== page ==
What a fabulous first week! Take a bow ASO. We’ve had confusion and controversy, thrills and spills, cobble calamity, tears and tantrums, rain, heatwaves, picturesque countryside, beautiful châteaux, fervent fans, the favourites are all still in contention and we’ve only just reached the first really lumpy bits.

As anticipated, Spartacus (Saxo Bank) won the 8.9km Prologue course around Rotterdam where, despite the rain, thousands of fans lined the course.  Sadly, both Mathias Frank (BMC) and Manuel Cardoso (Footon Servetto) fell heavily – Tour over for both of them.

Wind didn’t play a part in Stage 1, 223.5km from Rotterdam to Brussels, but the peloton was very skittish. In the run in, the last sharp right turn took out Mark Cavendish (HTC-Columbia) and Oscar Freire (Rabobank), among others, while two further crashes saw a large number of riders hitting the deck. Alessandro Petacchi (Lampre) avoided the carnage and was first across the line.  Adam Hansen (HTC-Columbia)  bowed out.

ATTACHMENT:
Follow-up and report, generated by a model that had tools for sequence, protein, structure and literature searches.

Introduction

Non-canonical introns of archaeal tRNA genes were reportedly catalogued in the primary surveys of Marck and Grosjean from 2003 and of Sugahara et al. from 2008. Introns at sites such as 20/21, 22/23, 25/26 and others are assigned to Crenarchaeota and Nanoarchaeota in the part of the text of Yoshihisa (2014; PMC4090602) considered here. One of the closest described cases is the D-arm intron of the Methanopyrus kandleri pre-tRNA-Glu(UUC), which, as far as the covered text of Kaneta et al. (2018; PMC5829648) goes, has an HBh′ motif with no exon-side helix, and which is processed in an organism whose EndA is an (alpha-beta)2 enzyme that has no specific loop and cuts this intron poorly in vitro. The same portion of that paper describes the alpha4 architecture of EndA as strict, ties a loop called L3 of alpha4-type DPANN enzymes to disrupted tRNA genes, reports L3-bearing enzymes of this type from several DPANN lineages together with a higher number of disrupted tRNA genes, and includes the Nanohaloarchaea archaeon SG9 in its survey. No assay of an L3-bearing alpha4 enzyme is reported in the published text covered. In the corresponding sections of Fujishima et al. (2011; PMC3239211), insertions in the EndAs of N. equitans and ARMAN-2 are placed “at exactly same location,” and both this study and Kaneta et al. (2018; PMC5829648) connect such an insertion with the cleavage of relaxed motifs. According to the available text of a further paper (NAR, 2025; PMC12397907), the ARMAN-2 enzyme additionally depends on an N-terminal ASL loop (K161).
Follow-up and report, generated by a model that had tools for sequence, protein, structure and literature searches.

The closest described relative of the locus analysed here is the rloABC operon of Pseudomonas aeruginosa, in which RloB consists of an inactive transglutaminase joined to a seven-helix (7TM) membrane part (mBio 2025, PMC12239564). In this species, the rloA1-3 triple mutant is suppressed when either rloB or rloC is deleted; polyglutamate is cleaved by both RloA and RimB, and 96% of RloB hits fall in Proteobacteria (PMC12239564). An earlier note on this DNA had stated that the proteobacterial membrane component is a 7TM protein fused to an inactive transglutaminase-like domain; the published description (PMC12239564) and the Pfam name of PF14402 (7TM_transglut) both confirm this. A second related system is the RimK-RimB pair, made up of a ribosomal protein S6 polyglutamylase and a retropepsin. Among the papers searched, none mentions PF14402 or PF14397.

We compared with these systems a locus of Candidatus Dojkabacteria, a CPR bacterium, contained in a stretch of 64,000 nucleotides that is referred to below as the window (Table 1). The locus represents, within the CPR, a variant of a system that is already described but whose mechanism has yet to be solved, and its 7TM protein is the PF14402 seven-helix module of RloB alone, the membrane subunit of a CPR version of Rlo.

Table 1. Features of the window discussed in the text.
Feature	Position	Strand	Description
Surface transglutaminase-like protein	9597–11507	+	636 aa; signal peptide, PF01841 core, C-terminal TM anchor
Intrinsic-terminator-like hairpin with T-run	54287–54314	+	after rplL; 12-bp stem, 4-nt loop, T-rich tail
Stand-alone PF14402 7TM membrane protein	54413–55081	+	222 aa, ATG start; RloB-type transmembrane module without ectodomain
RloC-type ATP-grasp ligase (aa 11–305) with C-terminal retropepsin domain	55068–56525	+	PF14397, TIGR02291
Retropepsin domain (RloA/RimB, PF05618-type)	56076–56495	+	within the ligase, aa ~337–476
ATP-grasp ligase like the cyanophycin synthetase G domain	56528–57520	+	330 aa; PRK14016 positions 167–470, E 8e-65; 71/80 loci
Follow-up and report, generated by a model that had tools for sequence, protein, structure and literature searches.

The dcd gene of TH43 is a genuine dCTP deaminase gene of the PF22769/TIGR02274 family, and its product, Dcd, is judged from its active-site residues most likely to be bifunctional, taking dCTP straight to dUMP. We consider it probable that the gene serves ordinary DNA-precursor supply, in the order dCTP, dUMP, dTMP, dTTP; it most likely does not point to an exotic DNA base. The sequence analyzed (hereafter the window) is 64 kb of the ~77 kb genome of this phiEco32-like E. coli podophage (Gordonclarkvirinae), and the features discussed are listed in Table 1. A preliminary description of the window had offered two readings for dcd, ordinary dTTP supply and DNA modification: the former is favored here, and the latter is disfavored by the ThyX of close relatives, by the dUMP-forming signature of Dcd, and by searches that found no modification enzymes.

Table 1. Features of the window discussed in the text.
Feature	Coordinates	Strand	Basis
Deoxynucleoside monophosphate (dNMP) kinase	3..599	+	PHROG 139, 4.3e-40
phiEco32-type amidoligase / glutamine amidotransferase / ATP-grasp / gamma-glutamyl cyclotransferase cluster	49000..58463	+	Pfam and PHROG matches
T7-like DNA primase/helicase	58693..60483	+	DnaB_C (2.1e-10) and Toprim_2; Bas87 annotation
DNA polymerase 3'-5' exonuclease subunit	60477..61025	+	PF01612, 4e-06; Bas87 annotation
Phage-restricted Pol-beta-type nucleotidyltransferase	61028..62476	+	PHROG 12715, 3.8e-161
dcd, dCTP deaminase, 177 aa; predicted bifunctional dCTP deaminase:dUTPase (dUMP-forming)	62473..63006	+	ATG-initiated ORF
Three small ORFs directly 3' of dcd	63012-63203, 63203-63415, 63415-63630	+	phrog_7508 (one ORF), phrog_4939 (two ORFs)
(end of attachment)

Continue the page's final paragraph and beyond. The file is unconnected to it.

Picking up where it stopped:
Stage 2’s 201km stage from Brussels to Spa mirrored an Ardennes Classic but rain and diesel-slicked roads saw riders falling like nine pins, particularly on the descent from the Stockeu. Injuries to Michel Delage (Omega Pharma Lotto) and Christian Vande Velde (Garmin-Transitions) put an early end to their participation. Meanwhile, Fabulous Fabian, still in yellow, cooled the tempo in the leading bunch to allow the contenders (particularly one Andy Schleck) to get back onto the peloton which then rode together to the neutralised finish. Up front, Sylvain Chavanel, having helped team mate Jerome Pineau to seize the spotty jersey, had pedaled away from the rest of the breakaway bunch for the stage win, snatching yellow from Fab’s broad shoulders. These two have  rescued Quick Step’s dismal season and are now well poised to negotiate contract extensions.